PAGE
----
John explains that we must keep our center of gravity low, our backs straight, our knees bent. “You control the board with your powerhouse,” John says motioning to an invisible point somewhere between his belly button and his tailbone. “Look where you want to go,” he tells me when I lead with my chin.

We’re all parked on our butts, feeling simultaneously frustrated and amazed as other snowboarders flash past us, making turns like nobody’s business. There’s abundant evidence that turns can be done. Just not by us, specifically. What we do with amazing skill is fall.

“Don’t fight the mountain,” says John to no one in particular. “To paraphrase the Clash: you fought the mountain and the mountain won.” Uh, OK.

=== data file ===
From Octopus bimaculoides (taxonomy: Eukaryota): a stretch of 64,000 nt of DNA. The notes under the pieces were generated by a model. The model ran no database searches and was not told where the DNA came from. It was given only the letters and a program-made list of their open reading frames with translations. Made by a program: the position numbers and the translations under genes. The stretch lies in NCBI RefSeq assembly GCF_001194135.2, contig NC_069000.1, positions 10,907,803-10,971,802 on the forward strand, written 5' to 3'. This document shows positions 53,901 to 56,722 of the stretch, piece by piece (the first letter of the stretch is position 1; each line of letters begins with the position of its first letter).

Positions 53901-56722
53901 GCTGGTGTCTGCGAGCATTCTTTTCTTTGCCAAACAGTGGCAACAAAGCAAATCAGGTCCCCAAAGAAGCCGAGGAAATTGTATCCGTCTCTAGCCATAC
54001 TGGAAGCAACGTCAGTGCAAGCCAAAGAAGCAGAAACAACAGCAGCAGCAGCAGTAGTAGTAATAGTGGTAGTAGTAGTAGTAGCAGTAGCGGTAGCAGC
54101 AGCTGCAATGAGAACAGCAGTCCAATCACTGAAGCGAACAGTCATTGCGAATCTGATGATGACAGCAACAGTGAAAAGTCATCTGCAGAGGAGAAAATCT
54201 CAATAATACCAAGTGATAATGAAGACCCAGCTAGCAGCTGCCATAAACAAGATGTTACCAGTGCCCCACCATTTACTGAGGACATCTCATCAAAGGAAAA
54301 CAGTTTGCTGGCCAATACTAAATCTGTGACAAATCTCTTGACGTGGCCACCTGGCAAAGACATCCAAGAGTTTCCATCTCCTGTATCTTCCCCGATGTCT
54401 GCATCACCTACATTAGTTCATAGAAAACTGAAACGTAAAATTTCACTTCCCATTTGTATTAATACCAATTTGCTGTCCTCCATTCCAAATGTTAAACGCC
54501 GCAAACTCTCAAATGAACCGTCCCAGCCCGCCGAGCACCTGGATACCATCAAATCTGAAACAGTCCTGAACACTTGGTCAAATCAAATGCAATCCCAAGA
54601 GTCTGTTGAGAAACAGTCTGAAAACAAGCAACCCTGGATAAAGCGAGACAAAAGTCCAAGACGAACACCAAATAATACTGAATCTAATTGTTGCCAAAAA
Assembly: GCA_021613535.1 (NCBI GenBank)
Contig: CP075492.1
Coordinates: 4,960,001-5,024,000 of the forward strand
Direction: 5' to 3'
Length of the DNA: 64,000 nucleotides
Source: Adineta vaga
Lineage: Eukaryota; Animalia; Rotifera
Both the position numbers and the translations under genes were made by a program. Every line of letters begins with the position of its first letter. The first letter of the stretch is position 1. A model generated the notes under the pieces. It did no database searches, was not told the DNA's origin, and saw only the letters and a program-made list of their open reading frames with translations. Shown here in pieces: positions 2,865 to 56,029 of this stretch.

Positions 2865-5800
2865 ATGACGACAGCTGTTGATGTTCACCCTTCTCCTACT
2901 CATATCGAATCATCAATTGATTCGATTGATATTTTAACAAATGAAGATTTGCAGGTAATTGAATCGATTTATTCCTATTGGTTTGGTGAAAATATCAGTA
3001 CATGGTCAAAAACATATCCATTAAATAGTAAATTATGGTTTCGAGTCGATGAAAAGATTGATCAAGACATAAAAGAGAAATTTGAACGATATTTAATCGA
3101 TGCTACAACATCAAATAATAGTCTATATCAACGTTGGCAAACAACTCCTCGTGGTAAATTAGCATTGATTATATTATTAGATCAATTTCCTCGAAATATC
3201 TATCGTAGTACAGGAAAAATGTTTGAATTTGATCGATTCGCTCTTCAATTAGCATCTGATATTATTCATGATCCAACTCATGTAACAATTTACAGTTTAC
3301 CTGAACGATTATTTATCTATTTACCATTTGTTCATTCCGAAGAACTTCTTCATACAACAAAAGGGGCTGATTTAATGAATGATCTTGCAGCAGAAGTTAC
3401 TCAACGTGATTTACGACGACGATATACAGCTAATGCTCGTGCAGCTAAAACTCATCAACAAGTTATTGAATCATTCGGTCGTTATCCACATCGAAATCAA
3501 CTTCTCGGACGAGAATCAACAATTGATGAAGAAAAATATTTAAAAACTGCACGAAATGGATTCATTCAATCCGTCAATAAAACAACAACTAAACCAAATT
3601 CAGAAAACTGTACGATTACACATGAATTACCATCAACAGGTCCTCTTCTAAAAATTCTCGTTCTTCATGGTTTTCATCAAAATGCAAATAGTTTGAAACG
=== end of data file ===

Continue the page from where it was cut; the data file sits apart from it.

A group of beginner skiers is practicing nearby. And when they wipe out—with skis and poles jangling off every which way—you can’t help but feel a little sorry for them. Their spills look awkward and embarrassing while one of ours is basically a resounding smack into the snow. Get up, splat. Get up, splat.

Splat. I’m down again, this time on my back and I can’t honestly say what’s more exhausting, the getting up or the falling down. And yet, in the distance above us I can spot a group of snowboarders carving gracefully through the trees and I think, I want to do that. It’s inspiring but also demoralizing because I’m on a freaking bunny slope as challenging as the roof of a Volkswagen Beetle.

By 4 p.m. the lesson is over and I’m so tired, my legs shaky, my forearms sore that I consider crawling back to the hotel where more Advil awaits by the bathroom sink.